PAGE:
If there is a grand coalition, if the A.K. Party, which is — has 41 percent, roughly, as the ruling party, can form a coalition with another party, that's stability. That's the kind of coalition that could lead to restoration of confidence in the markets.

    If there is another set of quick elections, if everything is unclear for the next few months, at a time when there's war on Turkey's southern borders, that would worry people.

  • JUDY WOODRUFF:

    David, staying with you, what does it mean? Turkey is right in the middle of this incredibly volatile part of the world. What do people think this could mean for Syria, for Iraq and the rest of the area?

  • DAVID IGNATIUS:

    President Erdogan has been very strongly anti-President Bashar al-Assad in Syria. It's a personal passion for him.

    And so he's been urging the U.S. to really make this a war against Assad, a war to topple Assad. President Obama is very wary of that. There have been talks in the last week about a new effort by the U.S. and Turkey to create some kind of safe haven along the Turkish-Syrian border that would allow the opposition to train and mobilize.

    Will this political uncertainty make that less likely, more likely? That's very hard to predict right now.

  • JUDY WOODRUFF:

    Well, and, in fact, as I was reading, Gonul Tol, it was part — it was part Erdogan's reaction to Syria that was part of what was driving the vote, in the way he had handled the crisis along the border.

  • GONUL TOL:

    That's right.

    Syria occupies a very unique place in Turkish domestic and regional policy. And the government's Syria policy has been quite unpopular. We have two million Syrian refugees in Turkey. And I think Turkey doesn't really have the institutional framework and the legal framework to handle those refugees.

    And that will — I think Turkey's social fabric has changed forever. And that's why, in this election, usually, people don't vote on foreign policy. But Syria has become a matter of domestic policy for Turkey. And if you look at the election result in the border towns, you will see that. There is a huge decline in the support for the AKP.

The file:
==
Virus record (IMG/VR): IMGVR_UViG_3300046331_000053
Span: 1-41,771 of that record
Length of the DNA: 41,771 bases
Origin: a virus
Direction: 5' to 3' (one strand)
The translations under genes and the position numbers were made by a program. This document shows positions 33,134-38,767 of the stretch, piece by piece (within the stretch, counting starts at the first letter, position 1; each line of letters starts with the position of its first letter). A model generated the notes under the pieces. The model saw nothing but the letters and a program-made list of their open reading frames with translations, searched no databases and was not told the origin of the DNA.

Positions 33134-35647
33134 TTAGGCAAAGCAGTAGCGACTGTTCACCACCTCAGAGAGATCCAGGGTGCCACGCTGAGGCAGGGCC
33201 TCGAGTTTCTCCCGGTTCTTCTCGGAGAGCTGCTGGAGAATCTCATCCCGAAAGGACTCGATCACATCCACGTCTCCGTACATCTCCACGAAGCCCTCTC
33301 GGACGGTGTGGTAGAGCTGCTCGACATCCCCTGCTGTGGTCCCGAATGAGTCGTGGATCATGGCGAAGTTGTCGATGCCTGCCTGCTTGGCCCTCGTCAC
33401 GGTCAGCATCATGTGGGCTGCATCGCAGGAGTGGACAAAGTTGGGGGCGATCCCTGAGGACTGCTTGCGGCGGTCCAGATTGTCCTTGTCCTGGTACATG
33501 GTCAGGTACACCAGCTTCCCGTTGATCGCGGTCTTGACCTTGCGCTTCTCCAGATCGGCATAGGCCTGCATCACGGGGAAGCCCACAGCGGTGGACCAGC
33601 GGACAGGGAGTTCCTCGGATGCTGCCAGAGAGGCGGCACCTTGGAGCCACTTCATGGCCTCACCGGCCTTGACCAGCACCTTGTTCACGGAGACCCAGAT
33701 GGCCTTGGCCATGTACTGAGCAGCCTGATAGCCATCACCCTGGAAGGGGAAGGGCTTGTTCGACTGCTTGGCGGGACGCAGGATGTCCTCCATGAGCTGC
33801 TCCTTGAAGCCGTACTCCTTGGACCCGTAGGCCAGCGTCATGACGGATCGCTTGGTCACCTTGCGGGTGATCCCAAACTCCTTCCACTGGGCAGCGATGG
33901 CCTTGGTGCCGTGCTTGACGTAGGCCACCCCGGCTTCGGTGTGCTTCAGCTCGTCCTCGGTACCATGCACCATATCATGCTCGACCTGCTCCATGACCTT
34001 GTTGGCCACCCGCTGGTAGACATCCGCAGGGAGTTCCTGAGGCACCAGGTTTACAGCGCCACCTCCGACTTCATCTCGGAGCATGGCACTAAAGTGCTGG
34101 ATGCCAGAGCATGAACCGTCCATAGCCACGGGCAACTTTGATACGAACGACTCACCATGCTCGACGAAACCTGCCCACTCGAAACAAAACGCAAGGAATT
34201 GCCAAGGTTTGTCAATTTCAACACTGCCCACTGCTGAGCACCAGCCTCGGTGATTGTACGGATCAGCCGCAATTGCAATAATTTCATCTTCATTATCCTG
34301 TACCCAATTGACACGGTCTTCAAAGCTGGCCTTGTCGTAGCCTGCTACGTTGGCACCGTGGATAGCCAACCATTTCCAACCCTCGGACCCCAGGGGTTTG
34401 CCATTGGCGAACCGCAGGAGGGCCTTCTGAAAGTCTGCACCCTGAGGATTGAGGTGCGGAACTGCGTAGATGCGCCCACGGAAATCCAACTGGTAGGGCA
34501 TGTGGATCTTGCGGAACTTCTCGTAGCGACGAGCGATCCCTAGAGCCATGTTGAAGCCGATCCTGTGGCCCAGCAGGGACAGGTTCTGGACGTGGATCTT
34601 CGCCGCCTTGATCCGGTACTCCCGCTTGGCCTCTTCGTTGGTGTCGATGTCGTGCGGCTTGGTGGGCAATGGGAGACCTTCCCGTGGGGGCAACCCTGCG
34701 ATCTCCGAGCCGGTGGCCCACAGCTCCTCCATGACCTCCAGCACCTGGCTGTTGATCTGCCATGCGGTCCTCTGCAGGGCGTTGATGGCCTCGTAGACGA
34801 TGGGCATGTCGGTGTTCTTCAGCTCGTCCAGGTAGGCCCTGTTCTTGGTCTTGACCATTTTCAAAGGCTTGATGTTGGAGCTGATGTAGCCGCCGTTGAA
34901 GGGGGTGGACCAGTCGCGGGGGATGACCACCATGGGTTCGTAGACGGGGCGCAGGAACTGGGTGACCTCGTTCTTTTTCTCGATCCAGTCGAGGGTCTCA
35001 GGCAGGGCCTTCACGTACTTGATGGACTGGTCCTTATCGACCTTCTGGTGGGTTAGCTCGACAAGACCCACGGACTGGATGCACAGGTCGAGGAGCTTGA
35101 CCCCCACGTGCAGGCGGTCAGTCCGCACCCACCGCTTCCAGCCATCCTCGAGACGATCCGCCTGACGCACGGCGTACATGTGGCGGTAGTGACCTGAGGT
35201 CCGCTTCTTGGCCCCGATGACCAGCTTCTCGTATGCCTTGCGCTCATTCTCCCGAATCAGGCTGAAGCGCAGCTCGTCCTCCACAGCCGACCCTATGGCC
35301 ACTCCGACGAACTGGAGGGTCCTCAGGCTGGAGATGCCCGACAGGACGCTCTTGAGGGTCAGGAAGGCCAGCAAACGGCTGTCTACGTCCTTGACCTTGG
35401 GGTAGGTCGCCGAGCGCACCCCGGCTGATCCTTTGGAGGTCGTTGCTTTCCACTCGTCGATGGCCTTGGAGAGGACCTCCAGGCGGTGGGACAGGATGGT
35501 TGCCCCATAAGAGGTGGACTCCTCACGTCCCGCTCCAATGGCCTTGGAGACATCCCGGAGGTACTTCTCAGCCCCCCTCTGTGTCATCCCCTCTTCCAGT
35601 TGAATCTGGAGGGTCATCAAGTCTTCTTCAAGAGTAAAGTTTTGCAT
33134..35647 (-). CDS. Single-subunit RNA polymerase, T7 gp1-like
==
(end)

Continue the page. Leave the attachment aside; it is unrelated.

• JUDY WOODRUFF:

    Just quickly, when you said social fabric has changed forever, what did you mean by that?

  • GONUL TOL:

    Well, there are two million Syrian refugees. And we have — the only big minority that Turkey has had is the Kurdish minority.

    And, unfortunately, it has not dealt with the Kurdish minority properly, so now we have another ethnic group and Turkey has to deal with that.

  • JUDY WOODRUFF:

    David, what about for the United States? All of this is in the context of the U.S. looking at the region, but what are you hearing? I know you're talking to people.

  • DAVID IGNATIUS:

    The U.S. wants a stable Turkey.

    The U.S., I think, will be glad that President Erdogan's effort to get this unprecedented executive power in the presidency has been turned back by the people. They will be glad to see a NATO ally, a longtime friend of the United States affirming its democracy.

    I think the worry is, this is now a very dangerous part of the world and it's a time in which instability in the Turkish government, uncertainty about the future is going to be dangerous for Turkey, dangerous for its neighbors, and worrying for the United States. So I'm sure there are going to be a lot of discussions about policy over the next several week.

    The first decisions have to be made by the Turks and about elections.

  • JUDY WOODRUFF:

    So, for right now, it's the West and the rest of the world watching and waiting to see what happens in Ankara, in Turkey.

  • GONUL TOL:

    Yes, but I think the European Union is quite happy about the results. The E.U. has been very critical of the authoritarian turn and Erdogan's constant meddling in financial matters in the judiciary, lack of freedom of expression, media freedom.

    So I think this is a result that E.U. would like to — would be happy with.

  • JUDY WOODRUFF:

    I was struck by what you said about such a significant gesture for democracy.

  • DAVID IGNATIUS:

    It's a wonderful moment for Turkish democracy.

    Everybody I talked to today expressed that. The only worry is, it's also a period of uncertainty about the future, and then that concerns people.

  • JUDY WOODRUFF:

    David Ignatius, Gonul Tol, we thank you both.

  • GONUL TOL:

    Thank you.

  • DAVID IGNATIUS:

    Thank you.